A Scots port authority has reported a “better-than-forecast” start to the year following a gradual return to normal operations in 2022 when performance almost reached pre-Covid levels.

Lerwick Port Authority’s latest activity report shows 1,047 vessel arrivals in the first quarter of 2023 (16% more than the same period in 2022), representing gross tonnage of 1.98m tonnes (10% more than 2022).

The primary reason for increases in vessel arrivals and tonnage in the first quarter 2023, compared to the same period in 2022, was the one-off impact of the delivery and storage of components for the onshore Viking Wind Farm project across various shipments.

Cargo figures at 185,894 tonnes were similar to the same quarter the previous year, showing the impacts of Viking Wind Farm from construction materials on the roll-on/roll-off ferries in 2022 and shipments of turbine components in 2023.

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There was a 9% increase in the number of fishing vessel arrivals to 560 in the first quarter. White fish landings were lower for the period, with 15,170 boxes la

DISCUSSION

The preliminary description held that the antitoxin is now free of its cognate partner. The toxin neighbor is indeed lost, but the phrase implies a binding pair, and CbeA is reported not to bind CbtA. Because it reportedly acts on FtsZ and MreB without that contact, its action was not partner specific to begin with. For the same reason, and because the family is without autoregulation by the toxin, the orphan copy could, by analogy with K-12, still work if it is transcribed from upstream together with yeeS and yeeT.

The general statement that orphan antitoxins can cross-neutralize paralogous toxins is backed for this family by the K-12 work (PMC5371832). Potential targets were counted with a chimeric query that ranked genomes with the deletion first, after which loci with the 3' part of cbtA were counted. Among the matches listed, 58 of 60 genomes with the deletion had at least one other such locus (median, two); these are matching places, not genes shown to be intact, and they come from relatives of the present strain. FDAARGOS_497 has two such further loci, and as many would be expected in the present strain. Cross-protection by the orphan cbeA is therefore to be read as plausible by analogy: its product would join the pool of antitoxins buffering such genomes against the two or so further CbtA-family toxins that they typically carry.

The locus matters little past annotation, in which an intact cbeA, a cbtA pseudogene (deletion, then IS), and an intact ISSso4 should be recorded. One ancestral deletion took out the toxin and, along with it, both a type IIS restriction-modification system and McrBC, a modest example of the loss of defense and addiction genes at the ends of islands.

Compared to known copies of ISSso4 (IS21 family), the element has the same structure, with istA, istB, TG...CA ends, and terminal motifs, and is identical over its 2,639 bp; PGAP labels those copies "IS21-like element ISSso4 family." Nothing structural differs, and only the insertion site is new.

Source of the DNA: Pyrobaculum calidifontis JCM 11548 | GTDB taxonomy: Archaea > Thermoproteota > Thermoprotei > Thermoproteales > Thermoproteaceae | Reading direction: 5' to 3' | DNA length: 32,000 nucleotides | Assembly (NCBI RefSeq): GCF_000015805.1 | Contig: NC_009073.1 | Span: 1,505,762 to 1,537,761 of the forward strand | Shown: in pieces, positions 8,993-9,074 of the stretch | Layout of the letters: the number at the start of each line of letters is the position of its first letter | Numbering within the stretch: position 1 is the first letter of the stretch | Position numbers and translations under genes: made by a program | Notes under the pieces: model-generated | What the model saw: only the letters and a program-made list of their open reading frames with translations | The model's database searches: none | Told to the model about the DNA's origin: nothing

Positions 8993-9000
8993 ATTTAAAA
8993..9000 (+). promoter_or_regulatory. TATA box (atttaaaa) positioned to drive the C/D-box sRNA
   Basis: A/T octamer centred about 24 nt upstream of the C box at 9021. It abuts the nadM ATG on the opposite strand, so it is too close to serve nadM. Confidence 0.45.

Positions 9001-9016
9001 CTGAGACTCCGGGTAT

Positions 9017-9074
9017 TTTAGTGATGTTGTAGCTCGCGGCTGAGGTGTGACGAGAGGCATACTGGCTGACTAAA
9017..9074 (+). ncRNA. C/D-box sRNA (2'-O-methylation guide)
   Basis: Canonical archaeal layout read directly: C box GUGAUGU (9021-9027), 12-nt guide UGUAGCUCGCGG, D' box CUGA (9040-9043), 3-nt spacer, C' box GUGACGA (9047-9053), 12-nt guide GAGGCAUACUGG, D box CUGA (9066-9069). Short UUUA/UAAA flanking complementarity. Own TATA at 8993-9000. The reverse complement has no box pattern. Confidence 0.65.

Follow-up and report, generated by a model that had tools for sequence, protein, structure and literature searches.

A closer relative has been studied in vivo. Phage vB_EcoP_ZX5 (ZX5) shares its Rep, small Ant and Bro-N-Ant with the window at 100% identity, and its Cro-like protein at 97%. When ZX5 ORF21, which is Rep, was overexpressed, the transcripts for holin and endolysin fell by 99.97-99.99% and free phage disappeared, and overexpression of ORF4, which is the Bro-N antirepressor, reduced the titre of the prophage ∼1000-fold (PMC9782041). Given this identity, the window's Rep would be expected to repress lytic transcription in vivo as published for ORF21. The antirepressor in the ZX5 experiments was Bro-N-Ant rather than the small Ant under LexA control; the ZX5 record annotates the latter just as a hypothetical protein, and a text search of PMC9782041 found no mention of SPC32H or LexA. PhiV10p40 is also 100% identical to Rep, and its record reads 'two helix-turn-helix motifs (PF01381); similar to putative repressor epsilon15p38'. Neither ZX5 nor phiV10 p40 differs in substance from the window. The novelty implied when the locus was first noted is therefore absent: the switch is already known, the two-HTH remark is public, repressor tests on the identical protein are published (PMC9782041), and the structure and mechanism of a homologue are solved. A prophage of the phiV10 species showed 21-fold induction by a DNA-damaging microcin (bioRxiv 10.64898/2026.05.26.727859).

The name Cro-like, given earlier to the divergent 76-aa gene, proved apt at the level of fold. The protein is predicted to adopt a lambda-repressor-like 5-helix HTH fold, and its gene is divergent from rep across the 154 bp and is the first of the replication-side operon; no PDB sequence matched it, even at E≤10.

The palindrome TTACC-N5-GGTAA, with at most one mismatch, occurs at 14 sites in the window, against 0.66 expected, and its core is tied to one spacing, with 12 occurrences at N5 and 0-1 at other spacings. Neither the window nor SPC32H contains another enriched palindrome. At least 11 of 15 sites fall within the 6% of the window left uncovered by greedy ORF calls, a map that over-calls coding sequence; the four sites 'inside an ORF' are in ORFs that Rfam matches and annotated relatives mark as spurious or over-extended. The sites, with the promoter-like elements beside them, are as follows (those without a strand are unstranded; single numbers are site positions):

Passenger arrivals via the roll-on/off ferries were also up 37% on the same period in 2022, at 24,031 passengers. There were no cruise passengers for the first quarter with the season only starting in April.

Lerwick Port Authority Chief Executive, Captain Calum Grains said: “We are delighted to see harbour activity up and welcome the boost which the arrival of the Viking Wind Farm components has provided in this first quarter. Work continues to support all the sectors traditionally serviced by the port, including ongoing efforts to attract further decommissioning projects and the plan to build an Ultra-Deep-Water Quay at Dales Voe.”

Passenger numbers for 2022 increased by 85%, with 205,038 overall in the year. Ferry passenger numbers on the Aberdeen-Kirkwall routes between January and December totalled 146,588. The cruise season returned positively from May to September, with 94 vessels visiting, compared to only 18 in 2021, and 58,450 passengers.

Marine tourism also saw a huge bounce back with 590 visiting yachts, compared to 144 in 2021 (a 310% increase), including the "welcome" return of the Round Britain & Ireland and Shetland-Bergen race competitors.

Captain Grains added: “After a challenging few years, port operations returned to pre-pandemic levels as we closed out 2022. The positive result provides us with the ability and confidence to look forward again and plan for positive investment in our harbour infrastructure.”